This is the first comprehensive study in the context of emerging market and developing economies (EMDEs) that covers, in one consistent framework, the evolution and global and domestic drivers of inflation, the role of expectations, exchange rate pass-through and policy implications. In addition, the report analyzes inflation and monetary policy-related related challenges in low-income countries (LICs). The book documents three major findings:
First, EMDE disinflation over the past four decades was to a significant degree a result of favorable external developments, pointing to the risk of rising EMDE inflation if global inflation were to increase. In particular, the decline in EMDE inflation has been supported by broad-based global disinflation amid rapid international trade and financial integration and the disruption caused by the global financial crisis. Although domestic factors continue to be the main drivers of short-term movements in EMDE inflation, the role of global factors has risen by one-half between the 1970s and the 2000s. On average, global shocks, especially oil price swings and global demand shocks, have accounted for more than one-quarter of domestic inflation variation—and more in countries with stronger global linkages and greater reliance on commodity imports. In LICs, global food and energy price shocks accounted for another 12 percent of core inflation variation—half more than in advanced economies and one-fifth more than in non-LIC EMDEs.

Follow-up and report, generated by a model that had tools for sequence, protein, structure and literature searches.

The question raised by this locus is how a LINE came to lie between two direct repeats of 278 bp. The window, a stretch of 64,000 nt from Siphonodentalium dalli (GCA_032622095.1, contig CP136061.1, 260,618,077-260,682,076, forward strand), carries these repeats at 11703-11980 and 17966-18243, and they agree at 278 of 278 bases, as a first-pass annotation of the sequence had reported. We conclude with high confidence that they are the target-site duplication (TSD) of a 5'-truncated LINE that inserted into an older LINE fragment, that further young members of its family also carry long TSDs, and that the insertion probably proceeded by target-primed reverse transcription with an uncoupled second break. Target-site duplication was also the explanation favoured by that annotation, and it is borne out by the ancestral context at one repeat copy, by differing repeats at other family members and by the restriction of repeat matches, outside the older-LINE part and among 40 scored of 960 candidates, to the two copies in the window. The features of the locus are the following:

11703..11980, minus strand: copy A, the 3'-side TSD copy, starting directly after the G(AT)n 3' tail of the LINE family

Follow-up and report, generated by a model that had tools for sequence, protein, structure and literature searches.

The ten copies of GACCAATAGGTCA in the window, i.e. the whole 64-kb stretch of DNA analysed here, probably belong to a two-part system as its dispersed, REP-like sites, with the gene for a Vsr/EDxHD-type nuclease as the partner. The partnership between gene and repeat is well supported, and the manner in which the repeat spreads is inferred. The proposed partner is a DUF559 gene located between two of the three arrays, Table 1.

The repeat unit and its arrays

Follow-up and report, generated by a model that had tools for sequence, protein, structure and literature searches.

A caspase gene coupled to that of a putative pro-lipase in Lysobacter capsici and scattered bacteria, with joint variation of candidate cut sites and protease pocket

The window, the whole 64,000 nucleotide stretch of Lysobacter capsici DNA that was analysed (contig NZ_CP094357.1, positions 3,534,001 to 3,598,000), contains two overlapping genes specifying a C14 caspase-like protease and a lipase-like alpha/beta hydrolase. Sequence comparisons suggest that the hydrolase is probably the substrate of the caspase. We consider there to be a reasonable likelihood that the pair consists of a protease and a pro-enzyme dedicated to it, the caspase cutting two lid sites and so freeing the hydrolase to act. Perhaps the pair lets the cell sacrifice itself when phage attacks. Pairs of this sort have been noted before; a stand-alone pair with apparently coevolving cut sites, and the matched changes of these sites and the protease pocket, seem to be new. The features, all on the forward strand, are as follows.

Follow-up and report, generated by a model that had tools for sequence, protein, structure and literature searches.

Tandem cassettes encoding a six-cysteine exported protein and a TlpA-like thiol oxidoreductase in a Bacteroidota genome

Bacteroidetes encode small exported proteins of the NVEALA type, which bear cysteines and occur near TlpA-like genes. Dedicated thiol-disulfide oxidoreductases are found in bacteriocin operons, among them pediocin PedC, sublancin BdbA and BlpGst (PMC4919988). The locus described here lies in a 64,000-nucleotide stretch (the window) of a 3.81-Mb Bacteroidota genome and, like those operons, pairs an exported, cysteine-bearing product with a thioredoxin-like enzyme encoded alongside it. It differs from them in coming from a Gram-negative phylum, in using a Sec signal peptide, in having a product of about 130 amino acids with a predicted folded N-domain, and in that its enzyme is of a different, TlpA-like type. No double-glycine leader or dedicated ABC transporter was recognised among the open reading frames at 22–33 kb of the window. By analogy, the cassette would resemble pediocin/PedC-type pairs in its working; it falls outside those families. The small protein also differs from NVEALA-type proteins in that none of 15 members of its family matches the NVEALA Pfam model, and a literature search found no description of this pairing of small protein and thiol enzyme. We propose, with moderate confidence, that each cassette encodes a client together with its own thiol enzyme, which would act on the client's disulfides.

Second, inflation expectations continue to be less well-anchored in EMDEs than in advanced economies, although a move to inflation targeting and better fiscal frameworks has helped strengthen monetary policy credibility. Lower monetary policy credibility and exchange rate flexibility have also been associated with higher pass-through of exchange rate shocks into domestic inflation in the event of global shocks, which have accounted for half of EMDE exchange rate variation.
Third, in part because of poorly anchored inflation expectations, the transmission of global commodity price shocks to domestic LIC inflation, combined with unintended consequences of other government policies, can have material implications for poverty: the global food price spikes in 2010–11 tipped roughly 8 million people into poverty.